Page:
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Pasco schools plan student discipline crackdown when classes start

“There are consequences to your actions,” superintendent Kurt Browning said.
Pasco County superintendent Kurt Browning, citing a spike in discipline problems in 2021-22, said he doesn't want the trend to continue in the new school year. He called on parents to ensure their children come to school knowing how to behave.
Pasco County superintendent Kurt Browning, citing a spike in discipline problems in 2021-22, said he doesn't want the trend to continue in the new school year. He called on parents to ensure their children come to school knowing how to behave. [ Times (2019) ]
Published Aug. 2|Updated Aug. 2

LAND O’LAKES — Pasco County superintendent Kurt Browning has a message for parents: Teach your kids how to behave in school.

Students who don’t will face the possibility of increased penalties, Browning said Tuesday during a school board meeting. That includes expulsion recommendations for those who receive referrals for one Level 3 serious offense, such as a physical attack, weapon possession or sexual harassment, or two Level 2 offenses, for actions such as disruptive behavior, fighting and defying school personnel.

The district began recommending expulsion for “serious offenses” in March. It did so after receiving complaints that its relaxed approach to discipline, adopted as students returned after time away because of the pandemic, was not working.

Most of the students referred for expulsion accepted reassignment to virtual classes instead, officials said. As of May 17, the most recent data available, 128 students received alternative placement in lieu of expulsion, while six were expelled.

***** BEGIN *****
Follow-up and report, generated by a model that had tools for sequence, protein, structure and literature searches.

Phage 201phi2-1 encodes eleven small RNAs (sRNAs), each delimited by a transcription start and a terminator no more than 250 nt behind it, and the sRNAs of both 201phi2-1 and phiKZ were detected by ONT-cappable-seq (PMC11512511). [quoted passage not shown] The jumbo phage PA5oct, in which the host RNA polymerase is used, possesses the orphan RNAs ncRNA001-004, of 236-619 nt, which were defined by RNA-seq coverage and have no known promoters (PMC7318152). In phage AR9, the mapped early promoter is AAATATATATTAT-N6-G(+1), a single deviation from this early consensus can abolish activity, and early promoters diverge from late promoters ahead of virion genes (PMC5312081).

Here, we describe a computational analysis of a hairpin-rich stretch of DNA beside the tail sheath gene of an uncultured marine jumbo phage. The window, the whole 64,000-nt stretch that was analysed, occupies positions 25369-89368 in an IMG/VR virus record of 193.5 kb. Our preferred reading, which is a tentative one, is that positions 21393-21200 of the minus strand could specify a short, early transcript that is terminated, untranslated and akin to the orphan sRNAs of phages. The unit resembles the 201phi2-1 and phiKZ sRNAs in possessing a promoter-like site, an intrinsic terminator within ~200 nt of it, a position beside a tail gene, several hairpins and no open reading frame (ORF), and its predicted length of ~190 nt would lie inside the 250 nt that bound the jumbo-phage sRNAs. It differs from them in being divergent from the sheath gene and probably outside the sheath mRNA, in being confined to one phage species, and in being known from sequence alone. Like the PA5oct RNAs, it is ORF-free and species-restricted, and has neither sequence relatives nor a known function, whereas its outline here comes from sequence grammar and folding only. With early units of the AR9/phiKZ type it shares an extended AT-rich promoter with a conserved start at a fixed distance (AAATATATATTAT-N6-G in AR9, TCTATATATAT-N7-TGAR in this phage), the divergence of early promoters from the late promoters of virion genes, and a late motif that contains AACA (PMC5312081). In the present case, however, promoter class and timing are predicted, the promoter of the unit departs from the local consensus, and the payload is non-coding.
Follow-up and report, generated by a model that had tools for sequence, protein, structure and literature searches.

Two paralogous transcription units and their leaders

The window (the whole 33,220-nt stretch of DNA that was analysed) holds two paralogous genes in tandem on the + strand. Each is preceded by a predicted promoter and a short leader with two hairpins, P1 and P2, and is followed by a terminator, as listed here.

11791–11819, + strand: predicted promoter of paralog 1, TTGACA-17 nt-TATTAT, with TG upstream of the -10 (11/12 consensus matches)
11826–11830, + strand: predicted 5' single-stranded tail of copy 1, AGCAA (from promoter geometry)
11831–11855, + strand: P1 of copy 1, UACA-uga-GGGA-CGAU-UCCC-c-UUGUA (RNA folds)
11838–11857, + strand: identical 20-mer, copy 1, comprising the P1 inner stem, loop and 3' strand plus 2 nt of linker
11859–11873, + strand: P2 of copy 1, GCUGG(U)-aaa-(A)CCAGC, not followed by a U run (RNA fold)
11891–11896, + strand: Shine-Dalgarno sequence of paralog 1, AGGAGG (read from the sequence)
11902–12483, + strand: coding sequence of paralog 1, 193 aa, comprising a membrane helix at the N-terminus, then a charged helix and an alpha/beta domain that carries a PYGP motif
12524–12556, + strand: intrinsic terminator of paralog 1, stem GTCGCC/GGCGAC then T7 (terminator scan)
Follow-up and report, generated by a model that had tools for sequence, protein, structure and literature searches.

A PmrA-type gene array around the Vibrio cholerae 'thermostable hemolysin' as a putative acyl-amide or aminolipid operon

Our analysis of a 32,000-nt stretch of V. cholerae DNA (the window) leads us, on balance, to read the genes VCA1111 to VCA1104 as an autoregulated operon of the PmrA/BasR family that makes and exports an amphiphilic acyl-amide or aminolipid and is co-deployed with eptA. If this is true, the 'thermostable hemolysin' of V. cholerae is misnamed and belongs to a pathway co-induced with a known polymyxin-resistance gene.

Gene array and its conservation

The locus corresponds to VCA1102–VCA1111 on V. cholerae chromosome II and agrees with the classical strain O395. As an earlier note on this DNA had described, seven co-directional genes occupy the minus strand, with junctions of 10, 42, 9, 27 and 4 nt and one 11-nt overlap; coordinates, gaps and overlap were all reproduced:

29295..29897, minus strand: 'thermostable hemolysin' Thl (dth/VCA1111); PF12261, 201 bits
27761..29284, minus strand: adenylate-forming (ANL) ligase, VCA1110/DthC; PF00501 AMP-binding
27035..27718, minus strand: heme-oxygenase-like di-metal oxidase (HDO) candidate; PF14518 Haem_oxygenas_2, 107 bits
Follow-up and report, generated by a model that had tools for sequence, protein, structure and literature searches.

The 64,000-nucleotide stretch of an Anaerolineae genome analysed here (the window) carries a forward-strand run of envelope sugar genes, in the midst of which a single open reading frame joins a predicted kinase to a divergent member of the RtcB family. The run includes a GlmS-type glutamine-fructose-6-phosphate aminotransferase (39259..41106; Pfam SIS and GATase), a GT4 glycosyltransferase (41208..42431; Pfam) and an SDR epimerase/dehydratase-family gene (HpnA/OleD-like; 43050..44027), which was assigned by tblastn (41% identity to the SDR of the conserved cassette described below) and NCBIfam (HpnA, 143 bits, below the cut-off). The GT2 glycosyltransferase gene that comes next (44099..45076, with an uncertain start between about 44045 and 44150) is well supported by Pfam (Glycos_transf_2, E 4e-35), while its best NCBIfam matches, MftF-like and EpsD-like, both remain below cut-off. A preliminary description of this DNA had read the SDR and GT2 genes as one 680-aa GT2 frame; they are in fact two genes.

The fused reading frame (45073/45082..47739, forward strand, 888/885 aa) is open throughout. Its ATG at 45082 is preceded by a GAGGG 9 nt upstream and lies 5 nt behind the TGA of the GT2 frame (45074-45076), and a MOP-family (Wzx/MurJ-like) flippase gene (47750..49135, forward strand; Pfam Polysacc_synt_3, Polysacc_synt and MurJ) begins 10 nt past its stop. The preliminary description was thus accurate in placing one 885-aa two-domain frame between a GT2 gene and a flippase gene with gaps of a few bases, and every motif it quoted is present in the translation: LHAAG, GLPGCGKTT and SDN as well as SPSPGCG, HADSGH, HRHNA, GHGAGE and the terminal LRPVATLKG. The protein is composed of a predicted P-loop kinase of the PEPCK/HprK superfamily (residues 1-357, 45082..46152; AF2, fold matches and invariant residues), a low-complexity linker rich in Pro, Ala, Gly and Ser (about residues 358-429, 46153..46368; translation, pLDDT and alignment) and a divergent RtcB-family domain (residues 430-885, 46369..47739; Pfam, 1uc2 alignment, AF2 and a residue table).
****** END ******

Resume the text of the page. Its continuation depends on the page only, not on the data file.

Related: Excessive fighting prompts Pasco schools to get tough on student discipline

Browning expected a message to go out to families in the next few days reiterating the importance of proper behavior in school.

“We had over 60,000 referrals last year in the school district,” Browning said, adding that 40,000 is a more usual number. “I will blame it on kids not being taught proper behavior before they get to the classroom.”

He said teachers, bus drivers and other staff members who interact daily with students should not have to cope repeatedly with unruly children, given the important jobs they have to do.

Board members offered their full support.

“The No. 1 reason teachers I have talked to are considering leaving or have left is discipline,” board member Alison Crumbley said. “We have to address it.”

Crumbley suggested it’s also a reason the district is struggling to hire into vacant positions. Officials said the district had 354 open teaching positions and 55 unfilled bus driver jobs.

Board chairperson Cynthia Armstrong said she had received a call from the parent of a teacher, who talked about the lack of respect children are showing for educators and other employees.

“That is something we really need to put an emphasis on,” Armstrong said. “We do need to give more immediate disciplinary support to teachers,” so they can focus on education.

Browning said he doesn’t want students put out of school. But they must understand “there are consequences to your actions.”

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